Natamycin ophthalmic suspension is indicated for the treatment of fungal blepharitis, conjunctivitis and keratitis caused by susceptible organisms including Fusarium solani keratitis.

Dosage & Administration

Shake well before use
The preferred initial dosage in fungal keratitis is one drop of Natamycin ophthalmic suspension instilled in the conjunctival sac at hourly or two-hourly intervals. The frequency of application can usually be reduced to one drop 6 to 8 times daily after the first 3 to 4 days. Therapy should generally be continued for 14 to 21 days or until there is resolution of active fungal keratitis. Less frequent initial dosage (4 to 6 drops daily application) may be sufficient in fungal blepharitis and conjunctivitis.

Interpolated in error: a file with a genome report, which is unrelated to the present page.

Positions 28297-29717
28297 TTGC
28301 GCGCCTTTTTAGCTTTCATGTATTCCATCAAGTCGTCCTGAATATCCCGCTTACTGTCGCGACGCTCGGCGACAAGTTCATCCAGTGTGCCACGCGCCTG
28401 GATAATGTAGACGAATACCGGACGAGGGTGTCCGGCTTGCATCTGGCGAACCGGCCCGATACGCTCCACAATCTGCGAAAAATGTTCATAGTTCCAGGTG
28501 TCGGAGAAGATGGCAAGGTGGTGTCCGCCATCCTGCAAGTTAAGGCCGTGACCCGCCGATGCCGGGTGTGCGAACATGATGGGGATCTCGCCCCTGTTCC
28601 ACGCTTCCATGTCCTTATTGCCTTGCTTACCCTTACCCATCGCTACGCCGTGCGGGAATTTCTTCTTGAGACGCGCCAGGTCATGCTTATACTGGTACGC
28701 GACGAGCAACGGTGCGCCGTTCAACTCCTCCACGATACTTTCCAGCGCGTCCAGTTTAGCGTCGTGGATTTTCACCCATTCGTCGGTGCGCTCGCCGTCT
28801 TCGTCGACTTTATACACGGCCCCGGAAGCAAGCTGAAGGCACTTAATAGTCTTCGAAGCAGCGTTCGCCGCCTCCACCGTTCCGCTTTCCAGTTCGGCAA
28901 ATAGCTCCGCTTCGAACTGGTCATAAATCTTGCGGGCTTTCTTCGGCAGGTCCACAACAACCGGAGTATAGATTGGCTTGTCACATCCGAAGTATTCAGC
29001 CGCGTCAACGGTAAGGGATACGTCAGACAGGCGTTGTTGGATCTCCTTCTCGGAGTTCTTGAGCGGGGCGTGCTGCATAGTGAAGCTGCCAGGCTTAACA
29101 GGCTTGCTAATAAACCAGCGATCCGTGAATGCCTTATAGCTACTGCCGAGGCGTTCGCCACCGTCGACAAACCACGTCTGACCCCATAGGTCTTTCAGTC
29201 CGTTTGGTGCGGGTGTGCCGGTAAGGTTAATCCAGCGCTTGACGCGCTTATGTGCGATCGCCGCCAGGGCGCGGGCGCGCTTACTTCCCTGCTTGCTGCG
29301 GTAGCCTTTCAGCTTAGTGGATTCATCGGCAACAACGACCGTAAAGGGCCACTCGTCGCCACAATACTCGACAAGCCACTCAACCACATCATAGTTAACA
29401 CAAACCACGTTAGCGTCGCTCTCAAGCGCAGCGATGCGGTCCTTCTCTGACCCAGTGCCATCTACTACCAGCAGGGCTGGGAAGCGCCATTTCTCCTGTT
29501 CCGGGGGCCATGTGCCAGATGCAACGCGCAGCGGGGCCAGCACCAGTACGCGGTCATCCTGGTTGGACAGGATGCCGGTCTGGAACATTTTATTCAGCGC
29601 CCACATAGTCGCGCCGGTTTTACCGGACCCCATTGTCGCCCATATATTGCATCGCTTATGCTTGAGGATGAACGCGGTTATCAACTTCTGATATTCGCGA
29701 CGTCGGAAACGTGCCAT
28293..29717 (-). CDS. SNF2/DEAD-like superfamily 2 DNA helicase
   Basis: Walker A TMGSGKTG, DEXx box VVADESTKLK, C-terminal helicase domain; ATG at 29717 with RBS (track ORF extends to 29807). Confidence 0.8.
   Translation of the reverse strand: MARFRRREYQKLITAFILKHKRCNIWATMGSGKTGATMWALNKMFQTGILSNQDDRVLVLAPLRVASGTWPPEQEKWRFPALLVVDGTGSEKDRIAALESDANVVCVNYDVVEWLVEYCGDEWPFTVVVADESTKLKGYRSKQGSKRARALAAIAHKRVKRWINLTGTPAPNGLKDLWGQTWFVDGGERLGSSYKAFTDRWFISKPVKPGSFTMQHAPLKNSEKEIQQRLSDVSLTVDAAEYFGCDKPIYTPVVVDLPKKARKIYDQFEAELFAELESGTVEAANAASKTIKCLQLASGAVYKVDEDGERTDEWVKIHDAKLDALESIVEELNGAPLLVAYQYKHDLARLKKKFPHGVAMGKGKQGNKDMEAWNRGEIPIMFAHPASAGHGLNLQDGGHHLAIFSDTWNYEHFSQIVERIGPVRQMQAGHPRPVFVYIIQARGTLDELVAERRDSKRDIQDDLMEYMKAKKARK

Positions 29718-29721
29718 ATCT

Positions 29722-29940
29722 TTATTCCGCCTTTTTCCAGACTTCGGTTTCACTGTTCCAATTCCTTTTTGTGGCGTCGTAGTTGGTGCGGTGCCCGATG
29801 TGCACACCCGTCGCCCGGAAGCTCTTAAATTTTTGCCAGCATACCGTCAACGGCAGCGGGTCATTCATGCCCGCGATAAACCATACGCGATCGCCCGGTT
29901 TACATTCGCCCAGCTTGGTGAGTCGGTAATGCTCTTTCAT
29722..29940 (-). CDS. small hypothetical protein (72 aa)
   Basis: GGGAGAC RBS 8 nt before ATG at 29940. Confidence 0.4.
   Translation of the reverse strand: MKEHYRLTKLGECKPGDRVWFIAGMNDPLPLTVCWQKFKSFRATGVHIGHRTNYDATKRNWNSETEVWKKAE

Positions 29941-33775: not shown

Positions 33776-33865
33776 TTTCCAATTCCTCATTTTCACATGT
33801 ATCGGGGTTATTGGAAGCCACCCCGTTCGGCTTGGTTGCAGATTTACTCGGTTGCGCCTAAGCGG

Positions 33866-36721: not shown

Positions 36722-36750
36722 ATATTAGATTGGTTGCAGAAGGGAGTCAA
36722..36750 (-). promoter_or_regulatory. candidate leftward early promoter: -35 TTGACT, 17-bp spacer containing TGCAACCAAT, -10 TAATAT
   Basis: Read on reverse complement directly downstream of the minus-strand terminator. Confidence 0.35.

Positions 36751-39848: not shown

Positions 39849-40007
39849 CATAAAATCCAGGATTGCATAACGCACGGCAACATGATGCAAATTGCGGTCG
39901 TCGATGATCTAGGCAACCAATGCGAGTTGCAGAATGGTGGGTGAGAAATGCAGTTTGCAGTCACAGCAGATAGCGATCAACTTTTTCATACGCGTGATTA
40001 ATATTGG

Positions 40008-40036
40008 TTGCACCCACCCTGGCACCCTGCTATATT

Do not touch dropper tip to any surface, as this may contaminate the suspension. Patient should be advised not to wear contact lenses if they have signs and symptoms of fungal blepharitis, conjunctivitis and keratitis. Failure of improvement of keratitis following 7-10 days of administration of the drug suggests that the infection may be caused by a microorganism not susceptible to Natamycin. Continuation of therapy should be based on clinical re-evaluation and additional laboratory studies. Adherence of the suspension to areas of epithelial ulceration or retention of the suspension in the fornices occurs regularly.


Use in Pregnancy and Lactation
Pregnancy category C.
Animal reproduction studies have not been conducted with Natamycin. It is also not known whether Natamycin can ca use fetal harm when administered to the pregnant women or can affect reproduction capacity. Natamycin ophthalmic suspension should be given to a pregnant woman only if clearly needed.
It is not known whether this drug is excreted in human milk. Because many drugs are excreted in human milk, caution should be exercised when Natamycin is administered to a nursing woman.

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